Reverse Deterrence in Racial Profiling: Increased Transgressions by the Non-Profiled Group

Goldman School of Public Policy Working Paper No. GSPP09-003

26 Pages Posted: 25 Sep 2009 Last revised: 2 Oct 2009

See all articles by Amy Hackney

Amy Hackney

Georgia Southern University

Jack Glaser

Goldman School of Public Policy, UC Berkeley

Date Written: September 25, 2009

Abstract

A controlled experiment tested the possibility that racial profiling – disproportionate scrutiny of minorities by sanctioned authorities – would have “reverse deterrent” effects on the illicit behavior of members of non-profiled groups (e.g., Whites). Research participants given a task involving extremely difficult anagrams were given the opportunity to cheat. White participants randomly assigned to a condition in which two Black confederates were obtrusively singled out for scrutiny by the study administrator cheated more than Whites in a White-profiling condition and a no-profiling control condition, and more than Black participants in all three conditions. Black participants cheated at comparable levels across the three experimental conditions. The effect of the profiling was therefore a net increase in cheating.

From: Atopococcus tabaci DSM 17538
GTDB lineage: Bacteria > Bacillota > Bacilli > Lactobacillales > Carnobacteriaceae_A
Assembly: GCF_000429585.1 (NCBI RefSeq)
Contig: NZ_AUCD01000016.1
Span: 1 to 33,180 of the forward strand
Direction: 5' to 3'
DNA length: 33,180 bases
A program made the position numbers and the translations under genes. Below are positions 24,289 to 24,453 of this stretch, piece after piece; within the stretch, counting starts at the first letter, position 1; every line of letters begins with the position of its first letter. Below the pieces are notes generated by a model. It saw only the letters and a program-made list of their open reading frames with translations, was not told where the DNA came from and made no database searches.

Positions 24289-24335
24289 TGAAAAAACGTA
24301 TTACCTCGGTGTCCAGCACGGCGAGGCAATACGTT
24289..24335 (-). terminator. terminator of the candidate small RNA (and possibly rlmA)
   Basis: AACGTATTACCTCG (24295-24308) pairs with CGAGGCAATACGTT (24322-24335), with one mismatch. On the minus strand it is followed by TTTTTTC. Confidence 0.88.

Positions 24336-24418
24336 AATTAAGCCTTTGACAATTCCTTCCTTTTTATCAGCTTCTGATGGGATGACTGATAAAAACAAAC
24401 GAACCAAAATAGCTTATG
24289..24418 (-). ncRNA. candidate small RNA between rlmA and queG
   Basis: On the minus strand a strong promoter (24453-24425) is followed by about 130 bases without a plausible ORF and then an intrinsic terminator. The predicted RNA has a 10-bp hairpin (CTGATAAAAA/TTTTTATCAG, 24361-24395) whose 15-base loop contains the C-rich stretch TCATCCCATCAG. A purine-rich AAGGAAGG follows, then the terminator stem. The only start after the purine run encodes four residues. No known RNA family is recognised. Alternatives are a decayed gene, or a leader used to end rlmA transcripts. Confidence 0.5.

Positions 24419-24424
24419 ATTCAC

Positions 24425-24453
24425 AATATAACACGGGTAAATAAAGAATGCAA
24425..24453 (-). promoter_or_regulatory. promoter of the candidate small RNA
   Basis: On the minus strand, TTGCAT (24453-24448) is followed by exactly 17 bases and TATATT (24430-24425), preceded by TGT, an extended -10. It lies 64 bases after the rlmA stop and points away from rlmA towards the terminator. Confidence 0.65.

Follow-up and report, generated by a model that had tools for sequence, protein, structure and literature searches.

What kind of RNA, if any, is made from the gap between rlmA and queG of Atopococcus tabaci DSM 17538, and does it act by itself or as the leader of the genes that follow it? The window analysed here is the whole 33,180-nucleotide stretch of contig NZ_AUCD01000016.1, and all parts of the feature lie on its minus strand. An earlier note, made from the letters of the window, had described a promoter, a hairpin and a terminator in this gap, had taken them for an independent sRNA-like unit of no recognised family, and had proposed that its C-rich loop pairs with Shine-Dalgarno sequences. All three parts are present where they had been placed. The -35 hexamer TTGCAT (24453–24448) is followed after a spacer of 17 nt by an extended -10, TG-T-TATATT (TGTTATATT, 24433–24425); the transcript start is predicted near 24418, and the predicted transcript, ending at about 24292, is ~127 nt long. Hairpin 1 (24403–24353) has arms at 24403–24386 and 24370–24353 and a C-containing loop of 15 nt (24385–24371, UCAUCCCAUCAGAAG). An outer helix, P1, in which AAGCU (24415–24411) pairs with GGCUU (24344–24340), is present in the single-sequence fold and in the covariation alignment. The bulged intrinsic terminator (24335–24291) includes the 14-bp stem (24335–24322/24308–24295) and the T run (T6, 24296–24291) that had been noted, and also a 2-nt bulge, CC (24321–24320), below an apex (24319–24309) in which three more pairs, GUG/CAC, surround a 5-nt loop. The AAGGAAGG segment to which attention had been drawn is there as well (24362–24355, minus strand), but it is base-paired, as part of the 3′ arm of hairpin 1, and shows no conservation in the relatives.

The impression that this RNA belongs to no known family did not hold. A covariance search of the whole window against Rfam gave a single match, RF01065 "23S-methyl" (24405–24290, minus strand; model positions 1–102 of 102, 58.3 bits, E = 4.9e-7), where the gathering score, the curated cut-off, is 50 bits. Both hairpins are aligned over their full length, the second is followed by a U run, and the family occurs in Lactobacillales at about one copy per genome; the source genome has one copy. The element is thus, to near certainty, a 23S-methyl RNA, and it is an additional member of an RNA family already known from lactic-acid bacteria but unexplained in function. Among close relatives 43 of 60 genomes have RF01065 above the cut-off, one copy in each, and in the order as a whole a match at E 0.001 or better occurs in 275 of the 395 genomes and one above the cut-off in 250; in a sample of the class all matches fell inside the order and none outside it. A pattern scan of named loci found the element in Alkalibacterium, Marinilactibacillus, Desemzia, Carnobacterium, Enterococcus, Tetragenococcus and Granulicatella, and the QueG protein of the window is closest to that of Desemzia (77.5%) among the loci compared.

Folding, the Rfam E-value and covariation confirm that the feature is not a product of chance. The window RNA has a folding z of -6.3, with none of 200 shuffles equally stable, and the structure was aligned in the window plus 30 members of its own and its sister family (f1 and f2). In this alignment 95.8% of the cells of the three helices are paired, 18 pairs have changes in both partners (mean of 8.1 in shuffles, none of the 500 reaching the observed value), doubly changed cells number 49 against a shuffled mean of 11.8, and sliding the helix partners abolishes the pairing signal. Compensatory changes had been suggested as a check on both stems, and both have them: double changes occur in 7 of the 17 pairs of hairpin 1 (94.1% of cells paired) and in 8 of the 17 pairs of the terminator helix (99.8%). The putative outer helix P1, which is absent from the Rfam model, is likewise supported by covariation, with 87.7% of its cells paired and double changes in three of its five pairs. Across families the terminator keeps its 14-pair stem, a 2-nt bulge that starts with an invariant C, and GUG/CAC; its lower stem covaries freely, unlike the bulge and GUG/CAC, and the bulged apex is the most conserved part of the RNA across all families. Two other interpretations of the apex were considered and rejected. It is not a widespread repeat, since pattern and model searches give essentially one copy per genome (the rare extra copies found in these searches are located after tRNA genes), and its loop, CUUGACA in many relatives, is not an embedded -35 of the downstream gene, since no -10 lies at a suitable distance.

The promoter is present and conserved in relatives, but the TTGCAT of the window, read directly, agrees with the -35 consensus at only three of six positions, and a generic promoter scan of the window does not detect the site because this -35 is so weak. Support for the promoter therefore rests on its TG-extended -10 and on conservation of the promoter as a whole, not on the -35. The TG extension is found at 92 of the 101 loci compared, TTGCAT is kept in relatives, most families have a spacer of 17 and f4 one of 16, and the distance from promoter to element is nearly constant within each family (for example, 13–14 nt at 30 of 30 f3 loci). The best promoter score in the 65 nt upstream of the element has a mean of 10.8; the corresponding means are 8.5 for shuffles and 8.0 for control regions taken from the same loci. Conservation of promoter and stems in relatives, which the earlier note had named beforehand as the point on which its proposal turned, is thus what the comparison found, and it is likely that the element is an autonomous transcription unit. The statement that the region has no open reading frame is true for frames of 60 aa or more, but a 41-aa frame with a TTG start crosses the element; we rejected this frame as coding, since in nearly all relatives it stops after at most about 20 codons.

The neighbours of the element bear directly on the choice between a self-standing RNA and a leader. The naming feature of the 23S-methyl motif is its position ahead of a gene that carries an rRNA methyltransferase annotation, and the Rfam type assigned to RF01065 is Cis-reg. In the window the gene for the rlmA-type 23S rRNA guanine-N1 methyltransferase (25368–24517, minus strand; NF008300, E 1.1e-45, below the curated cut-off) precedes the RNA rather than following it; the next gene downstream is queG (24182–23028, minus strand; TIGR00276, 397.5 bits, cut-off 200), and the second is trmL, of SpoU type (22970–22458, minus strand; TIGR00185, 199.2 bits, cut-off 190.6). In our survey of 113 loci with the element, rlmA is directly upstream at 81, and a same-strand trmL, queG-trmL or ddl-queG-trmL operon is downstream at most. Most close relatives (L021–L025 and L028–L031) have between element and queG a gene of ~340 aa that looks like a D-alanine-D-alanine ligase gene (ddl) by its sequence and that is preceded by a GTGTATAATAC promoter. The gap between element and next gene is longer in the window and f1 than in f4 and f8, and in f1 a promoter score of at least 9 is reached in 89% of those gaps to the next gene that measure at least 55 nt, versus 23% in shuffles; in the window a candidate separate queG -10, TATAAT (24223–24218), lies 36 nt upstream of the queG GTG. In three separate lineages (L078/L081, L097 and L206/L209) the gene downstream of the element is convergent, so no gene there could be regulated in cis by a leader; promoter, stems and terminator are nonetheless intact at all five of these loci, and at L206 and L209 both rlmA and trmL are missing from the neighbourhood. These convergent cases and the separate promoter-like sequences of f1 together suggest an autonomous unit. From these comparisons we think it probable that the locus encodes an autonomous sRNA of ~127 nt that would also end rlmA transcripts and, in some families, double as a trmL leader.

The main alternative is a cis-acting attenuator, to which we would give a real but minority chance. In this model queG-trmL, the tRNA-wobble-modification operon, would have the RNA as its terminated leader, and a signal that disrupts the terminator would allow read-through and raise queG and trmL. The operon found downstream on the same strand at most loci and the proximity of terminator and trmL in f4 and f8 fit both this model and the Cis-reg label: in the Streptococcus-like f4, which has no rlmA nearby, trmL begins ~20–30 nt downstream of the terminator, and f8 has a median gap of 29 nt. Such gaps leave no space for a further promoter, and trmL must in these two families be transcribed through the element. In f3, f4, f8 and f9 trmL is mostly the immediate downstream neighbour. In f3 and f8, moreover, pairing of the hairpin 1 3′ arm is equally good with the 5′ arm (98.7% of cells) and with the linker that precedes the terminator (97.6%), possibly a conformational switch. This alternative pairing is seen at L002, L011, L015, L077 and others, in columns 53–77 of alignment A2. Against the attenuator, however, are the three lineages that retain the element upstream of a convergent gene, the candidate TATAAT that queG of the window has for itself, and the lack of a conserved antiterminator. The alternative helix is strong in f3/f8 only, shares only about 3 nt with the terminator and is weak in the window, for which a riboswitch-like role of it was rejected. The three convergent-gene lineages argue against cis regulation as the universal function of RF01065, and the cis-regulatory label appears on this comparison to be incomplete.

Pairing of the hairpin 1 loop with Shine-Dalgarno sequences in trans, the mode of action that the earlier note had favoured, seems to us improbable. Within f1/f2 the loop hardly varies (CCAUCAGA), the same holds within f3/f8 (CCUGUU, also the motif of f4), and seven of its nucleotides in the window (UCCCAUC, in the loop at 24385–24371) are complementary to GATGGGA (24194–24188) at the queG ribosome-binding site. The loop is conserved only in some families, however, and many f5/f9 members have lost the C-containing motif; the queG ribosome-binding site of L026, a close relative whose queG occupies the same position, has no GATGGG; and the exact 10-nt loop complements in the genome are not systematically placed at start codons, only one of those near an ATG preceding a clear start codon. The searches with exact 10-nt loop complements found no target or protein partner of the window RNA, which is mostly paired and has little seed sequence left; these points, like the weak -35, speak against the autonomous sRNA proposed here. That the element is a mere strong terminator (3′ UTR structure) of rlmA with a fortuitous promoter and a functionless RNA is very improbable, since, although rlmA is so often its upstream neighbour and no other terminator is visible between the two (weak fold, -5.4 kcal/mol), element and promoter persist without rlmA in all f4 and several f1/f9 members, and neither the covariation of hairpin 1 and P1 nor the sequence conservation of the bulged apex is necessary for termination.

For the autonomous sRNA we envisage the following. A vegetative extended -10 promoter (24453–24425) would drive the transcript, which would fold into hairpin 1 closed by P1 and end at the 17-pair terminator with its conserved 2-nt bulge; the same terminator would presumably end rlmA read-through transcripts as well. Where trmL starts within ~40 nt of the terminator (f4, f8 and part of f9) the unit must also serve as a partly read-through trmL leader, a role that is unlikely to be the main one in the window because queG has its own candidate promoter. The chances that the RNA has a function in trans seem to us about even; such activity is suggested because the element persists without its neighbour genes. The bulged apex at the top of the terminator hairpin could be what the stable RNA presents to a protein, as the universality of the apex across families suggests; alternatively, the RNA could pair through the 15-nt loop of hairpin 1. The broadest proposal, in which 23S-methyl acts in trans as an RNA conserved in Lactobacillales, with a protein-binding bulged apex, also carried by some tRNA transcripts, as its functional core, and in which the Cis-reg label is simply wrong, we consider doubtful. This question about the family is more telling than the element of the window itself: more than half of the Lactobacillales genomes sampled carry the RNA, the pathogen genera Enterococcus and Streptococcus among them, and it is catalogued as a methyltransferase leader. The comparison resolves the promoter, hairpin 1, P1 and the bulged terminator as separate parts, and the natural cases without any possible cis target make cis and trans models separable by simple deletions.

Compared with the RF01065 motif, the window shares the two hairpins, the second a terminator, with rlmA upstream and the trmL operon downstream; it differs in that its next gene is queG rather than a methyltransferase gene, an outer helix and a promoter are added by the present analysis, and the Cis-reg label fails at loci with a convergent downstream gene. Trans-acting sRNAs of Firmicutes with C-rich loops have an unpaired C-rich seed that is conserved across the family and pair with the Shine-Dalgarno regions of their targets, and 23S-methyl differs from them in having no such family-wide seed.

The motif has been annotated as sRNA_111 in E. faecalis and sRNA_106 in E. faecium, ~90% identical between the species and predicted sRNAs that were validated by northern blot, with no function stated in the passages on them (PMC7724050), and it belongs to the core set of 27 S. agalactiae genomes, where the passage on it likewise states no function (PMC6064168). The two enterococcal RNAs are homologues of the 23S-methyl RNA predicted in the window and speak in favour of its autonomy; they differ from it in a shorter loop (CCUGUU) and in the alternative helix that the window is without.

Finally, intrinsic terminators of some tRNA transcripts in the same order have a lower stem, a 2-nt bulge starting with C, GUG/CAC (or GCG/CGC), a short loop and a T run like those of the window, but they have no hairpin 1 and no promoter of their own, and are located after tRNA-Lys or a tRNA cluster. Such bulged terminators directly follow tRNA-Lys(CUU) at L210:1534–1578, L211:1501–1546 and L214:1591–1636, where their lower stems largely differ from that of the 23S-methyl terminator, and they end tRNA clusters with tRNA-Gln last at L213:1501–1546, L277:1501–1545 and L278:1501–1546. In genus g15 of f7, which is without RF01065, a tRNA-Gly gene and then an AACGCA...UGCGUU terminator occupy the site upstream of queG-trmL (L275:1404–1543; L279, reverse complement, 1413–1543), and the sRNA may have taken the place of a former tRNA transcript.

Suggested Citation

Hackney, Amy and Glaser, Jack, Reverse Deterrence in Racial Profiling: Increased Transgressions by the Non-Profiled Group (September 25, 2009). Goldman School of Public Policy Working Paper No. GSPP09-003 , Available at SSRN: https://ssrn.com/abstract=1478207 or http://dx.doi.org/10.2139/ssrn.1478207

Amy Hackney

Georgia Southern University ( email )

P.O. Box 8151
Statesboro, GA 30460-8151
United States

Jack Glaser (Contact Author)

Goldman School of Public Policy, UC Berkeley ( email )

2607 Hearst Avenue
Berkeley, CA 94720-7320
United States

HOME PAGE: http://gspp.berkeley.edu/directories/faculty/jack-glaser

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